Why It's Time for a Widowhood Resolution

The acknowledgment of widows in the international sphere has yet to be found in recurring discussions on global human rights abuses and the demographics that are at a higher risk of experiencing such abuses. Widows are one of such demographics that have been left out of human rights discussions and their solutions. The only standalone product on widowhood is UN General Assembly Resolution 65/189, which designates the 23rd of June to be in observance of widows and their circumstances. The recognition of International Widows Day remains an incredible advancement in acknowledging the situation of widows and their children, who have often experienced disinheritance from marital property, extreme poverty, harmful traditional practices, and societal exclusion. Yet, more must be done to fully recognize the multiple intersectionalities that exist with being a widow and that prioritizes securing the rights of those widowed.

Acknowledgment of any issue is the first step towards action. The United Nations acknowledged the plight of widows with the resolution establishing a day in recognition of those who are widowed. The rights of widows are human rights that have been unseen and persistently not responded to. What widows require now is action in the form of comprehensive measures that actively seek to support and provide aid for the fortification of their rights. A resolution on widowhood from the United Nations would set a resounding precedent in the hopes for continued domestic reforms on widowhood enacted by independent states.

Widows in society remain ostracized due to the status of being widowed. The widow, after losing their spouse finds another loss in trying to successfully maintain the family's financial livelihood, especially if it has been largely dependent on their deceased partner. Widows are frequently disinherited, even in cases where she brought the property into or acquired it during the marriage, a damaging loss for her financial security, but physical security for the widow and her children as well. When widows and their families become extremely vulnerable, they can undergo detrimental violations of their rights: lack of access to education, trafficking, female genital mutilation, child marriage, and food insecurity.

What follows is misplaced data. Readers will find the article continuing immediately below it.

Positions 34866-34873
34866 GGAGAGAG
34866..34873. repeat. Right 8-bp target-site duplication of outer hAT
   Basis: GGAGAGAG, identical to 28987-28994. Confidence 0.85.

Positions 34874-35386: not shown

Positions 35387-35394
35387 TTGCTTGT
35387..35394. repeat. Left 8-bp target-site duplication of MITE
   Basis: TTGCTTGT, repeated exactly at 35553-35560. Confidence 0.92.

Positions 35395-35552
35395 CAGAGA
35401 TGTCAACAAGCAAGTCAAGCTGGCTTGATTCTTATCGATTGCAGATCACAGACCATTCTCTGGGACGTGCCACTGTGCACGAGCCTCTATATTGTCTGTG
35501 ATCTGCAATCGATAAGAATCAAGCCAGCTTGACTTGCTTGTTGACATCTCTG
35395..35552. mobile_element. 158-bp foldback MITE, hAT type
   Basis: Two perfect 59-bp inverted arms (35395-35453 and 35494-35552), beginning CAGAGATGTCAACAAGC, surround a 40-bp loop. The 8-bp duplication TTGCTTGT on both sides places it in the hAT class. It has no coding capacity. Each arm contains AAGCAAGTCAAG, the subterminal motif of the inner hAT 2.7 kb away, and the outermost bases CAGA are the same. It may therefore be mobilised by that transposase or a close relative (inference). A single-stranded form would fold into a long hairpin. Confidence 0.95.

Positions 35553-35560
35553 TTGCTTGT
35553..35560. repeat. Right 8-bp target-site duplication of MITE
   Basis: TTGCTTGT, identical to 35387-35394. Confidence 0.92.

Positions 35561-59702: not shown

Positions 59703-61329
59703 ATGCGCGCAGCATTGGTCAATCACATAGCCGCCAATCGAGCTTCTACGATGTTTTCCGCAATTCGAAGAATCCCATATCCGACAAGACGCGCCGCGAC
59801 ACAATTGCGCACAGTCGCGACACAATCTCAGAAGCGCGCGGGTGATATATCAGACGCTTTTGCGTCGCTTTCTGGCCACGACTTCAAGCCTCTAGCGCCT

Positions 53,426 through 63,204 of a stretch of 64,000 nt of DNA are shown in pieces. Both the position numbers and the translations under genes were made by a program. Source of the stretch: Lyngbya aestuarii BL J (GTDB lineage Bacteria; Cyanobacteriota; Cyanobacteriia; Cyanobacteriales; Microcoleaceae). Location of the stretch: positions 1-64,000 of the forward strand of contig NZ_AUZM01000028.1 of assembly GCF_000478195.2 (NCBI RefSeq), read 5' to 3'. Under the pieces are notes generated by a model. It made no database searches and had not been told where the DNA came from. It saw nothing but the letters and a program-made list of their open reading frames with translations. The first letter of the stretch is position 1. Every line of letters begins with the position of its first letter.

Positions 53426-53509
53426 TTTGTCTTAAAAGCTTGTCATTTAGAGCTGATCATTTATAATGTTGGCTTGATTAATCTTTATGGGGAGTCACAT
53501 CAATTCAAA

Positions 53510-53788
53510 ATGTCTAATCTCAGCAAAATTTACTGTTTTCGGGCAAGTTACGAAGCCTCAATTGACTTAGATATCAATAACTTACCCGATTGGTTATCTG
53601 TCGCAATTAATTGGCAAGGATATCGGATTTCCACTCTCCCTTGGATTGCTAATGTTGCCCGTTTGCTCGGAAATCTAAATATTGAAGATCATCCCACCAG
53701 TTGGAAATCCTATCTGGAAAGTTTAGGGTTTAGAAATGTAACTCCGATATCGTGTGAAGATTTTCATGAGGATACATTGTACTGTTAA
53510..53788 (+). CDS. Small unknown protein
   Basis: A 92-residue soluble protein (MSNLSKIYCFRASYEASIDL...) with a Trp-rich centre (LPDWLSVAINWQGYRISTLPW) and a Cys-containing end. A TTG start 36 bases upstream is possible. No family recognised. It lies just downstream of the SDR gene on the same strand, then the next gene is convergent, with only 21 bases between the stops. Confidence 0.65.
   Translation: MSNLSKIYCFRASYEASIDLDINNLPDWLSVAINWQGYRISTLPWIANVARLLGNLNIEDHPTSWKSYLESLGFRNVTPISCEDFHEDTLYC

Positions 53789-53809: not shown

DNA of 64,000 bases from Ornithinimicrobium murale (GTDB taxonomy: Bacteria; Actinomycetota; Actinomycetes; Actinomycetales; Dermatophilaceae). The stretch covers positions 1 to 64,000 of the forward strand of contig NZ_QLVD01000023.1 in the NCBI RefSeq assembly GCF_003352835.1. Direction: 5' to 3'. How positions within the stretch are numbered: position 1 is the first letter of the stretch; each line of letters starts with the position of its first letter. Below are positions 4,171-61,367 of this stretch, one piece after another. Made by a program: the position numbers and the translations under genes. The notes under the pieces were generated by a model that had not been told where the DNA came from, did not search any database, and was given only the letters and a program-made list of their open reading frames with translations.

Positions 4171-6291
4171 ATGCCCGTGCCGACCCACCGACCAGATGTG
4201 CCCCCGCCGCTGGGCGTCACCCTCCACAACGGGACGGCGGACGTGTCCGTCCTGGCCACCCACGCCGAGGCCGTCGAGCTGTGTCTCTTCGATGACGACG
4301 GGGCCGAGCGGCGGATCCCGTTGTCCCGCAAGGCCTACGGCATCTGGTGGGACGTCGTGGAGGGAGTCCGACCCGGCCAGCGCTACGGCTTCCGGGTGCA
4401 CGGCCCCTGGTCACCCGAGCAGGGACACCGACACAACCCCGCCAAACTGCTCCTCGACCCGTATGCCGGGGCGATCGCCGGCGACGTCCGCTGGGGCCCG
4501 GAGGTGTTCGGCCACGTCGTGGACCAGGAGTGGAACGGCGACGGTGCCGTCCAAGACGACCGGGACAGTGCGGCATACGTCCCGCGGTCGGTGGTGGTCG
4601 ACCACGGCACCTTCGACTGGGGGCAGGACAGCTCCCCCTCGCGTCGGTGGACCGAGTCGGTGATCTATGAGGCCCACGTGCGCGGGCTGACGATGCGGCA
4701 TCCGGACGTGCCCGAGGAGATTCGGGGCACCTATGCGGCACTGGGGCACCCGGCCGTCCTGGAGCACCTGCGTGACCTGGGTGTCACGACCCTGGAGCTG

At the Global Fund for Widows’ International Widows’ Day event, Sierra Leone announced their plan to formally introduce a resolution on widowhood to the United Nations General Assembly. Global Fund for Widows strongly advocates for the continuation of the work started by the United Nations with Resolution 65/189 with a second resolution as proposed by Sierra Leone. It is imperative to recognize widows through a separate actionable resolution that will concretely acknowledge the intersectionalities of widowhood in existing policy agendas, request disaggregated data on widowhood, and call on the Member States to develop internal efforts that alleviate widows’ discrimination by rectifying structural inequities. The ultimate hope of such a resolution is that it will seta comprehensive course of action to exponentially improve the existing circumstances of widows globally and to prevent further maltreatment.

Widows and their rights are at the intersection of, and present within, numerous global policy agendas and legal frameworks, such as the 2030 Agenda (“the Sustainable Development Goals”), Women, Peace and Security, the Beijing Platform for Action, and the Convention on the Elimination of All Forms of Discrimination Against Women (CEDAW). Programmatic efforts that enhance their capacity to sustain their own livelihoods and respect and protect their rights, among others, successively improves these coinciding issues that align with the United Nations’ Sustainable Development Goals and existing International Human Rights Law. The world is rapidly changing unabatedly, and with such growth, the international community can no longer leave widows behind in our prospects for a better future.

Photo: UN Photo/Loey Felipe


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